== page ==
WASHINGTON (Reuters) - The United States shot down a pro-Syrian government drone that fired toward U.S.-led coalition forces in Syria on Thursday, a U.S. military spokesman said, in a major escalation of tensions between Washington and troops supporting Damascus.
The armed drone “hit dirt” and there were no injuries or damage done to the coalition patrol in southern Syria. But U.S. Army Colonel Ryan Dillon, a spokesman for the U.S.-led coalition fighting Islamic State, told reporters the drone meant to attack them and dismissed the possibility it had fired a warning shot.
“This clearly showed a threat even if it were a warning shot; it was something that showed a hostile intent, a hostile action and posed a threat to our forces because this drone still had munitions that were still on it,” Dillon said.
He added that it was the first known time that pro-Syrian government forces had fired at coalition forces in the area.
A U.S. official, speaking on condition of anonymity, said the munition landed a few hundred yards from coalition forces and failed to explode. The official added that a U.S. F-15 fighter jet was used to strike the drone, which was likely Iranian-made but that further analysis was being carried out.
Dillon said the United States had earlier in the day carried out a strike against two pro-Syrian government pick-up trucks with weapons that had moved against U.S.-backed fighters near the southern town of At Tanf.
It was the third such strike, and the second this week, by the Pentagon, which has sought to stay out of Syria’s civil war to focus firepower instead on Islamic State in Syria and Iraq.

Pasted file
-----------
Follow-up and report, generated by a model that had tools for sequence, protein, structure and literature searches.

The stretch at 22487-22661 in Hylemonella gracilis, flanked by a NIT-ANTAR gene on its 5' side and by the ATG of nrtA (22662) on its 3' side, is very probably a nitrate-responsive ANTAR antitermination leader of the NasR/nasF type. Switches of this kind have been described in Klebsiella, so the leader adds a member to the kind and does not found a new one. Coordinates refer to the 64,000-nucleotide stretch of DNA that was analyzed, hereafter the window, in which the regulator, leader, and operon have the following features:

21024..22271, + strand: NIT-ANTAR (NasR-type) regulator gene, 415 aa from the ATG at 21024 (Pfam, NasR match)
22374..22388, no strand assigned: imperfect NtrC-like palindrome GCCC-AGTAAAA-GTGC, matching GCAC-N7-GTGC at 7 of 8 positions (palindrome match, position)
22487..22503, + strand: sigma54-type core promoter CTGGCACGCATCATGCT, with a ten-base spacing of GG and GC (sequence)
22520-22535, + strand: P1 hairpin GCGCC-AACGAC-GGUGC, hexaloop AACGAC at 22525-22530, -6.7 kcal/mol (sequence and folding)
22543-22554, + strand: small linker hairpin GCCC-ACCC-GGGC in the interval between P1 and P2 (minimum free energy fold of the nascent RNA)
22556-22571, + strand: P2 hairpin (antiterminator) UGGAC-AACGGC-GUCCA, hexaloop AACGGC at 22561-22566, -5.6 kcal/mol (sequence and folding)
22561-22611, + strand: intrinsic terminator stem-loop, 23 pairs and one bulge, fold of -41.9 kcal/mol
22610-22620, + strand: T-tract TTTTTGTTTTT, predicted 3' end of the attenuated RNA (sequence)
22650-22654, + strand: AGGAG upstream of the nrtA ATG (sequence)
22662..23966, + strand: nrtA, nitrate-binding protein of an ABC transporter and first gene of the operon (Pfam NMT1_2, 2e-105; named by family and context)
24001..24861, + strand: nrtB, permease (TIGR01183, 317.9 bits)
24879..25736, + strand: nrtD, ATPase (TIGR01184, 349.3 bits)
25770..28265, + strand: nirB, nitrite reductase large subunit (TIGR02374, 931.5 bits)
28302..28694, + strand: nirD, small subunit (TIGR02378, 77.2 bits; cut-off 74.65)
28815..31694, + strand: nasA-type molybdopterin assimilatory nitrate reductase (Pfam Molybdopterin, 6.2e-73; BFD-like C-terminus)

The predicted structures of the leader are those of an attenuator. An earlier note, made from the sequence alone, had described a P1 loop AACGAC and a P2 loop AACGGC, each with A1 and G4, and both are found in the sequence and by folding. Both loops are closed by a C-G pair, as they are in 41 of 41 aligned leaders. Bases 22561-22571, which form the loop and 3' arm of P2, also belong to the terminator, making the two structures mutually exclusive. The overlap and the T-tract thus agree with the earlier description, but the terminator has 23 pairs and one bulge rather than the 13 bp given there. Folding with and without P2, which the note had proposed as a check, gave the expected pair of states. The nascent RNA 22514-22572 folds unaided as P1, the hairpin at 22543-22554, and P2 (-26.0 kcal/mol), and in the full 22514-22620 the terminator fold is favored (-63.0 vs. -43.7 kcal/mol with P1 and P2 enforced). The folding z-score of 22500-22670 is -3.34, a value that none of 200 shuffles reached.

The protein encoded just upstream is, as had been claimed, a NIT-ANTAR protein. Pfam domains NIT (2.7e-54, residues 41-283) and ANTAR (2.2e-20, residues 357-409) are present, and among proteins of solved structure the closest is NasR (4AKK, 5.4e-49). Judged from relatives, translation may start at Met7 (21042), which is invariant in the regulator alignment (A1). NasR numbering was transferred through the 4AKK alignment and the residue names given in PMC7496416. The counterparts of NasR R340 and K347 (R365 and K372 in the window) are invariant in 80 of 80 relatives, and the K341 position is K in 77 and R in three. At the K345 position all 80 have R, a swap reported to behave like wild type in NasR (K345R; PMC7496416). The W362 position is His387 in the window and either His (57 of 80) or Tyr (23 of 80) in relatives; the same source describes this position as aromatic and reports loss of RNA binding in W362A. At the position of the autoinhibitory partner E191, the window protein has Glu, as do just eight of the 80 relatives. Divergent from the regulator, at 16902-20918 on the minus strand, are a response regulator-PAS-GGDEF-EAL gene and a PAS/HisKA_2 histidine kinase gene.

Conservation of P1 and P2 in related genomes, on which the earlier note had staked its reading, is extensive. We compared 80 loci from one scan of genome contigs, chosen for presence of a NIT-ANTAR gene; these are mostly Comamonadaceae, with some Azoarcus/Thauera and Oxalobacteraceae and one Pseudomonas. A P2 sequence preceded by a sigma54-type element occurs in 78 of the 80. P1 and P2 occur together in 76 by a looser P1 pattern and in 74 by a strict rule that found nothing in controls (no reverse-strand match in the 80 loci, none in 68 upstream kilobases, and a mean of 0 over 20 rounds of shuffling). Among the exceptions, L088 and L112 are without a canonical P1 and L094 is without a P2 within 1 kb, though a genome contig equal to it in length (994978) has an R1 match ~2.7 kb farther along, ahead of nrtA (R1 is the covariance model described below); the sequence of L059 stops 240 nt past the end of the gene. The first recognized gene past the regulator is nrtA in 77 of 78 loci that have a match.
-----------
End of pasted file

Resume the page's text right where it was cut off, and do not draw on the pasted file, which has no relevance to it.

The concern is that such strikes could take away attention from the fight against Islamic State militants.
“Unfortunately, there have been (these) incidents that have taken our focus away from fighting ISIS,” Dillon said, using an acronym for Islamic State.
The Syrian Democratic Forces (SDF) launched their assault to capture Raqqa, Islamic State’s de facto Syrian capital.
For months, air strikes and special forces from the U.S.-led coalition have helped them encircle Raqqa, which Islamic State seized in 2014 and has used as a base to plan attacks abroad.
On Tuesday, the United States launched an air strike against Iranian-backed fighters who it said posed a threat to U.S. and U.S.-backed forces in southern Syria.
A military alliance fighting in support of President Bashar al-Assad threatened on Wednesday to hit U.S. positions in Syria, warning its “self-restraint” over U.S. air strikes would end if Washington crossed “red lines”.
In recent days, the U.S. military has repeatedly warned massing forces to stay away from a ‘deconfliction zone’ near a garrison used by American special forces and U.S.-backed fighters around At Tanf.
The zone was agreed with Russia, Syrian President Bashar al Assad’s ally. Assad is also backed by Iran and Shi‘ite militias.
Tanf is part of a region known as the Badia, a vast, sparsely populated desert territory that stretches to the Jordanian and Iraqi borders and was declared a military priority by Syria’s foreign minister in May.
Reporting by Idrees Ali and Phil Stewart; Editing by James Dalgleish